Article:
H-F studies plan for January in-person learning

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H-F studies plan for January in-person learning

November 21, 2020 - 21:29

The return date for students and staff at H-F High School is unknown, but administrators and teachers continue to study possible plans.

At the Nov. 17 school board meeting, Principal Jerry Anderson said, “The goal is to transition to hybrid learning during the second semester.” Depending on COVID-19 numbers and safety protocols, students could return to campus Jan. 25 or Feb. 1. Students also will have the option of continuing on the e-learning program.

The school board will discuss next steps for the second semester return at its Dec. 15 meeting.

Anderson said the transition is on a “flexible time line. We know that we may not be able to implement this as planned, but this is what it would look like if we were to come back in January.”

Anderson gave three schedule scenarios. Each plan would begin the day at 8 a.m. Students would attend classes until 12:10 p.m. The on-campus day is ending then because scheduling lunchtime is difficult. Safety guidelines say no more than 50 people can be in a space at the same time. Lunch shifts at H-F generally serve hundreds of students. 

Instead, students will pick up a bagged lunch available at school and head home for asynchronous learning or support meetings starting at 1:30 p.m.  The day’s schedule is just 10 minutes short of a traditional school day, she said.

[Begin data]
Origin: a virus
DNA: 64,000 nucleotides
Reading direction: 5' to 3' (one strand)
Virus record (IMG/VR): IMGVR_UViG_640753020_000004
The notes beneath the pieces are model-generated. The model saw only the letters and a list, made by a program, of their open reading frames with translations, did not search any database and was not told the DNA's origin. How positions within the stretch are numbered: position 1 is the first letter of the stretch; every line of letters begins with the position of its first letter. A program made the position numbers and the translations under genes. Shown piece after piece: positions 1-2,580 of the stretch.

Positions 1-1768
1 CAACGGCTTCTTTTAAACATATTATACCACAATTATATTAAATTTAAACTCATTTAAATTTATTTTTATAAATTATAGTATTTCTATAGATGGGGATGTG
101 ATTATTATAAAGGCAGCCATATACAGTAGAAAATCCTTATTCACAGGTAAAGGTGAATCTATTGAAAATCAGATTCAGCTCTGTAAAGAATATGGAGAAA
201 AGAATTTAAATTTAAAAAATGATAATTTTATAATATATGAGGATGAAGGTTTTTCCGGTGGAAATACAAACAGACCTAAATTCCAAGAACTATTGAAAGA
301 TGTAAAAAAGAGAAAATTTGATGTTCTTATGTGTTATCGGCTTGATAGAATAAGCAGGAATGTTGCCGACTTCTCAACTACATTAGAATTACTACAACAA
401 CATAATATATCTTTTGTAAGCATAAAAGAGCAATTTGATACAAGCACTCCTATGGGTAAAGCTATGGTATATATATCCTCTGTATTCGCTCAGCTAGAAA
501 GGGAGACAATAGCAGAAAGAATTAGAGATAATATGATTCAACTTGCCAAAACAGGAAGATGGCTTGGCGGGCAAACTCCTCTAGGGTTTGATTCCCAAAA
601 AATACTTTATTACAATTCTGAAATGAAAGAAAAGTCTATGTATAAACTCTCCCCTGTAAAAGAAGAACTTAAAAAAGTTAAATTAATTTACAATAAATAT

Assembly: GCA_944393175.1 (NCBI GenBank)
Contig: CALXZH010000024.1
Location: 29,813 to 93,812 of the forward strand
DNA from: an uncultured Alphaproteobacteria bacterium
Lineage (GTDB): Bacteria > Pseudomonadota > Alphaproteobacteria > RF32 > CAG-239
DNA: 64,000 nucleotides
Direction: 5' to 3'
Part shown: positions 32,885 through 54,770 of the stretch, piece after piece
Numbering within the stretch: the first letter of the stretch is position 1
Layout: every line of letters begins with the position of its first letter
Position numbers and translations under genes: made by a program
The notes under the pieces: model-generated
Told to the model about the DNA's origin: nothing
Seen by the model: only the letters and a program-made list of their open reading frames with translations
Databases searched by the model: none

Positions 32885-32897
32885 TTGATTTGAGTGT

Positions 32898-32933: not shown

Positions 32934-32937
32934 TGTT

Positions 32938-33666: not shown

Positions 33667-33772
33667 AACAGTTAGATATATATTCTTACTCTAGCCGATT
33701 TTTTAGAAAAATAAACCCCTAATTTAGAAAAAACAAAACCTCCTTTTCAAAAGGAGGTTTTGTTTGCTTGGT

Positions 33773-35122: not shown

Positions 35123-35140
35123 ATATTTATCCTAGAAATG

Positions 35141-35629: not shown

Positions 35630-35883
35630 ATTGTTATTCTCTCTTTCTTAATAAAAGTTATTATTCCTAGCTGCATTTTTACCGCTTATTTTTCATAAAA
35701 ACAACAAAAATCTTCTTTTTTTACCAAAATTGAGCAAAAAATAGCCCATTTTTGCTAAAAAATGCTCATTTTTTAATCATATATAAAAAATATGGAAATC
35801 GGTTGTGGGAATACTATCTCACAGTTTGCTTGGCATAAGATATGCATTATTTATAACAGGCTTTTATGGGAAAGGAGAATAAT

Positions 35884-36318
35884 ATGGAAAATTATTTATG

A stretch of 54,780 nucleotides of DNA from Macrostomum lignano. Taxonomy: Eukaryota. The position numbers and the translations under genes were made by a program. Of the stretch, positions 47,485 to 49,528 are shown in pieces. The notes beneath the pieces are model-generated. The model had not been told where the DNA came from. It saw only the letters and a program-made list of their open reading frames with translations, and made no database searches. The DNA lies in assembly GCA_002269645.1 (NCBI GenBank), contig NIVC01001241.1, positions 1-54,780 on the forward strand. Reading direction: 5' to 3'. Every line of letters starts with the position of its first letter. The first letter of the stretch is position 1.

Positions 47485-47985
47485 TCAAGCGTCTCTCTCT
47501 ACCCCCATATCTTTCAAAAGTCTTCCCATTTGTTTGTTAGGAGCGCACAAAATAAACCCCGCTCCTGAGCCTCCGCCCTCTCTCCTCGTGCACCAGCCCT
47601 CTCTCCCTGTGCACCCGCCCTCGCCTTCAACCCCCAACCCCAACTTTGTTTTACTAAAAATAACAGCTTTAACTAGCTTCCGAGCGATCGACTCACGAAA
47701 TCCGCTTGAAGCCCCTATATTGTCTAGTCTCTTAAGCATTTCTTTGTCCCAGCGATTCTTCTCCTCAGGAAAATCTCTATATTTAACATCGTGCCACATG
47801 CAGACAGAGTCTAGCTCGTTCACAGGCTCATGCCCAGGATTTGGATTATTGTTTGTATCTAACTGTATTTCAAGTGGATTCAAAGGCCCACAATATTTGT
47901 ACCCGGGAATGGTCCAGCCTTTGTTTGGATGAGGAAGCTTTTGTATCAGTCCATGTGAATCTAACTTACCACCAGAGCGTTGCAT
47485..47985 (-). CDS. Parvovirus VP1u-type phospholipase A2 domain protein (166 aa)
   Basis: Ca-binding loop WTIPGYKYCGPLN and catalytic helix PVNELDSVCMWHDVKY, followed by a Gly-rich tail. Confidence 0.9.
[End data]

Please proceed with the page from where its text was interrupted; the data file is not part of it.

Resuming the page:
H-F has a student body of 3,000 students. It is not known how many students would continue on a remote schedule. Still, to meet COVID-19 safety guidelines the students returning to H-F would initially be split into four groups. Each group would attend in person one day a week, or a second option is for each group to attend two days in a row. Whatever plan is chosen, students would be on campus twice in a two-week cycle. 

This plan limits the amount of time students spend in the building for social distancing purposes, but it does give them time with teachers and staff and helps reduce the hours students spend on screen, Anderson said.

“Right now, students are online most of the day. We’d like to reduce that time giving students more time during the day to process and collaborate, and also to have interactions with their peers eventually,” Anderson explained.

H-F will increase the number of students on campus from one-quarter to one-half at some point, she said.

Safety measures will be taken, including self-certification health surveys. Temperature checks will be done when students enter the building and masks must be worn throughout the day, the principal told board members. The district will follow all Centers for Disease Control and Prevention and Illinois Department of Public Health guidelines.

Plexiglass barriers will be constructed around teachers’ desks and common spaces, such as the principal’s office. Classroom desks will be marked so that students know which desk to use to meet the 6-foot social distancing guideline. Passing periods will be amended to work through social distancing protocols.

“A return to in-person is what everybody would want to do,” Superintendent Von Mansfield said, but noted currently “there’s nothing that would allow us to come back in full, and when January rolls around we may still be remote if those (COVID-19 infection) numbers don’t drop.”

The suburban Cook County infection rate is 15.6% as of Nov. 18. State guidelines say the number should be below 8% for a safe return to schools.